1st Edition

Cloud-Based Music Production Sampling, Synthesis, and Hip-Hop

By Matthew Shelvock Copyright 2020
    176 Pages
    by Focal Press

    176 Pages
    by Focal Press

    Cloud-Based Music Production: Samples, Synthesis, and Hip-Hop presents a discussion on cloud-based music-making procedures and the musical competencies required to make hip-hop beats.

    By investigating how hip-hop producers make music using cloud-based music production libraries, this book reveals how those services impact music production en masse. Cloud-Based Music Production takes the reader through the creation of hip-hop beats from start to finish – from selecting samples and synthesizer presets to foundational mixing practices – and includes analysis and discussion of how various samples and synthesizers work together within an arrangement. Through case studies and online audio examples, Shelvock explains how music producers directly modify the sonic characteristics of hip-hop sounds to suit their tastes and elucidates the psychoacoustic and perceptual impact of these aesthetically nuanced music production tasks.

    Cloud-Based Music Production will be of interest to musicians, producers, mixers and engineers and also provides essential supplementary reading for music technology courses.

    Introduction: Cloud-based Music Production (CBMP)

    0.1 Defining Music Production

    0.2 CBMP Services

    0.3 Sound-Tagging and Search Filters

    0.4 Project Backup and Sharing

    0.5 Access to Professional Sounds

    0.6 Free Tools/Rent-to-Own

    0.7 Community, Contests, and Collaboration

    0.8 Chapter Outline

    Chapter 1: Understanding Samples, Synthesis, Editing, and Mixing

    1.1 Virtual Performance: Performing Samples, Performing Synthesis

    1.1.1 Performance Inputs: Sample Triggering, Synthesis, and MIDI

    1.1.2 Point and Click Editing

    1.2 Creating Hip Hop Sounds: Sampling

    1.2.1 Technological Constraints, Sample Arrangement, and Sample Phrasing

    1.2.2 Types of Samples: One Shots and Continuous Samples

    1.2.3 Timbre and Arrangement

    1.2.4 Categorizing Samples: Instrument Families as Conceptual Groups in Sample Arrangement

    1.3 Synthesizers

    1.3.1 Synthesizer Types

    1.3.2 Synths in Modern Hip Hop

    Chapter 2: Making Music Using CBMP Resources

    2.1 Making Music from Samples

    2.2 Drums, Percussion, Bass

    2.2.1 Creating Drum and Percussion Tracks with One Shots: Timbral Selection and Arrangement

    2.2.2 Rhythmic Congruence in Sampling: Using Continuous Samples for Additional Percussion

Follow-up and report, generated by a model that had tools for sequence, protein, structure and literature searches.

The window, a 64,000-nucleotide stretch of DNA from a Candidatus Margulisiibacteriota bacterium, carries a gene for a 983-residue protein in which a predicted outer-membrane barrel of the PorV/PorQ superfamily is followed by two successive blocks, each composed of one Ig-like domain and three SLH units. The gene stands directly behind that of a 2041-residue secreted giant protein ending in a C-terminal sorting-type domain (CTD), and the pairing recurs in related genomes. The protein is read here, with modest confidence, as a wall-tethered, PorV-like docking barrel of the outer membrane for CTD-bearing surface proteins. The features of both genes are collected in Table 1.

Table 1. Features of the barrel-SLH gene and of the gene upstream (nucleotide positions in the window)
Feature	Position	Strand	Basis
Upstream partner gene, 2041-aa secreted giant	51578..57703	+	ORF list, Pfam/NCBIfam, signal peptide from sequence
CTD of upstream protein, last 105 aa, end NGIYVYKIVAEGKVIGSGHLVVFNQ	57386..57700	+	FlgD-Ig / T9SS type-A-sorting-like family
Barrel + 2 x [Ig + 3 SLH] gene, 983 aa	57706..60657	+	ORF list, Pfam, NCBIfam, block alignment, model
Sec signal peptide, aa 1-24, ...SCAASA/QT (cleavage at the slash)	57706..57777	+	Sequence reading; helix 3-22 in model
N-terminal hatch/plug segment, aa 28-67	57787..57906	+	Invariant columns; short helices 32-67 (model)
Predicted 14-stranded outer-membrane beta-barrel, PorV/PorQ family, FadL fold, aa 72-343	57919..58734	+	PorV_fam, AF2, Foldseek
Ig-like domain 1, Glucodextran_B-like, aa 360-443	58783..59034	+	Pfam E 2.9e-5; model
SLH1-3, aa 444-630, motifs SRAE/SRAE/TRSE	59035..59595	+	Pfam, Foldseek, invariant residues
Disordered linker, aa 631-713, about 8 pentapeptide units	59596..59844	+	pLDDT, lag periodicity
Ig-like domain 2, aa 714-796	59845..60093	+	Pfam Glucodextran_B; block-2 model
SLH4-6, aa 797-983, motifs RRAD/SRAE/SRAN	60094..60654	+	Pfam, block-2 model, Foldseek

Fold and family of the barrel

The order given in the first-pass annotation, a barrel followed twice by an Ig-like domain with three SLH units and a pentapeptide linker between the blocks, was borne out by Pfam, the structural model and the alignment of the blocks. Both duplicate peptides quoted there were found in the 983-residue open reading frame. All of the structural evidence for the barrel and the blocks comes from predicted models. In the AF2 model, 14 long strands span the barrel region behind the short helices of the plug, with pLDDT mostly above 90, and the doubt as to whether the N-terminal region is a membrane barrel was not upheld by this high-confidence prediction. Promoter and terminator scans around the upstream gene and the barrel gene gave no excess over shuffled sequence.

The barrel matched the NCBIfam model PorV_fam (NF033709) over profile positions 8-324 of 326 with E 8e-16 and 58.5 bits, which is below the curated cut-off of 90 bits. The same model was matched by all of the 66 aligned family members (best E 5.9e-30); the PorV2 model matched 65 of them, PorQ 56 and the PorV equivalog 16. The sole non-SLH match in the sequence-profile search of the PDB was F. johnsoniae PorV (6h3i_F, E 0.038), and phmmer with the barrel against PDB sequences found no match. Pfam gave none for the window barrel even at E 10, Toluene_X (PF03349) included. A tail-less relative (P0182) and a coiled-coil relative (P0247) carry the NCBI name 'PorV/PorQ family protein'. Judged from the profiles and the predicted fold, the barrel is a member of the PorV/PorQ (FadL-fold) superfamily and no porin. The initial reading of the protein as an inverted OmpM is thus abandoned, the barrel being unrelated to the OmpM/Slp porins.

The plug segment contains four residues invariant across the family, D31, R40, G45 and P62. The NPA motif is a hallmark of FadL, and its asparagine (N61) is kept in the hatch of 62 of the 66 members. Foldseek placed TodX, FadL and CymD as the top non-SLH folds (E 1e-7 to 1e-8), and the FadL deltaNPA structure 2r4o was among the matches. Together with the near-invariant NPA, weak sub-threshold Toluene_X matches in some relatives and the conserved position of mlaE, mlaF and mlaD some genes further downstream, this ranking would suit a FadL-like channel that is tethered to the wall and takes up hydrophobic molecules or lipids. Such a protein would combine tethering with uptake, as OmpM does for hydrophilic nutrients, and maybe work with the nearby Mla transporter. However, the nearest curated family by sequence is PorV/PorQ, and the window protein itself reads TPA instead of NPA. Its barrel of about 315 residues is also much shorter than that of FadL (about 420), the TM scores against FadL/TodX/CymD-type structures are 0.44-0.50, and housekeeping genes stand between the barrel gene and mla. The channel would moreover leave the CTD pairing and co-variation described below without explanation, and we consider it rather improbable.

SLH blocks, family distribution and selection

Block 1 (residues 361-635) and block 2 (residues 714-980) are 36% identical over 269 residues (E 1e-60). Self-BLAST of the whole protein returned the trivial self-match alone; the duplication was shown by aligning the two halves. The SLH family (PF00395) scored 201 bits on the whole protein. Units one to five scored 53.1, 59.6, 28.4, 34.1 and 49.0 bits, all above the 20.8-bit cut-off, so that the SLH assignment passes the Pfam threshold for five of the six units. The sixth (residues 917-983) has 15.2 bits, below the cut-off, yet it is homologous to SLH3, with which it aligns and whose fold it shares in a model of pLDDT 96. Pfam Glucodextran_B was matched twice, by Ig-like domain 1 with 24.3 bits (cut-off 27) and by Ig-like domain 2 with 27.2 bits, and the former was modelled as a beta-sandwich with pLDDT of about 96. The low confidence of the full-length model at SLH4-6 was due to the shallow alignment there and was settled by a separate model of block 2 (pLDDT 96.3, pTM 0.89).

2.2.3 Hip Hop Microrhythm: Creating Intentional Rhythmic Incongruence

    2.3 Bass

    2.4 Melodic Sounds

    2.4.1 Categorizing Short-to-Medium Length Melodic Samples: ADSR Profiles

    2.4.2 Arranging Long Duration Melodic Samples

    2.4.3 Arranging Commonly Used Short- to Medium Duration Melodic Sounds

    2.5 Textures, Atmosphere, and Harmony

    2.5.1 Ready-Made and Cloud-Based Textures and Atmospheric Samples

    2.5.2 Custom Atmospheres and Textures

    Chapter 3: The Mix — Conditioning Musical Materials on Records

    3.1 What is Mixing?

    3.2 Establishing Genre through Material Means

    3.3 Spectral Distribution

    3.4 Dynamic Contours

    3.5 Stereo Configuration

    3.6 Ambient Design

    3.7 Noise, Distortion, Saturation, and Enhancement

    Chapter 4: Hearing for Your Audience — Beat Production as a Psychoacoustic Art

    4.1 Sonic Realism and The Canvas of Psychophysiology

    4.2 Mixing Beats: Constructing Past Tense Aural Narratives

    4.3 Painting on the Psychoacoustic Canvas: Applying Gestalt Theory to Mixing Technique

    4.4 What is Gestalt Theory?

    4.5 Auditory Stream Segregation and the Law of Disjoint Allocation

    4.6 Laws of Similarity and Common Fate: Location, Timbre, and Signal Routing

    4.7 The Figure-Ground Phenomenon: More Applications for Mix Buses

    4.8 The Rule of Good Continuation: Parameter Automation and Low Frequency Oscillators

    4.9 Chapter Summary

    Chapter 5: Case Studies in CBMP

    Case Study 1: "melancholy" by kingmobb (2019)

    Case Study 2: "fayth" by kingmobb (2019)

    Case Study 3: "Dxn’t Want U" by kingmobb, from KNGMXBB II (2017)



    Matthew T. Shelvock teaches at Western University in Ontario, Canada. Matthew currently works in the music industry in Legal and Business Affairs and also has professional experience as a session musician, engineer, and producer.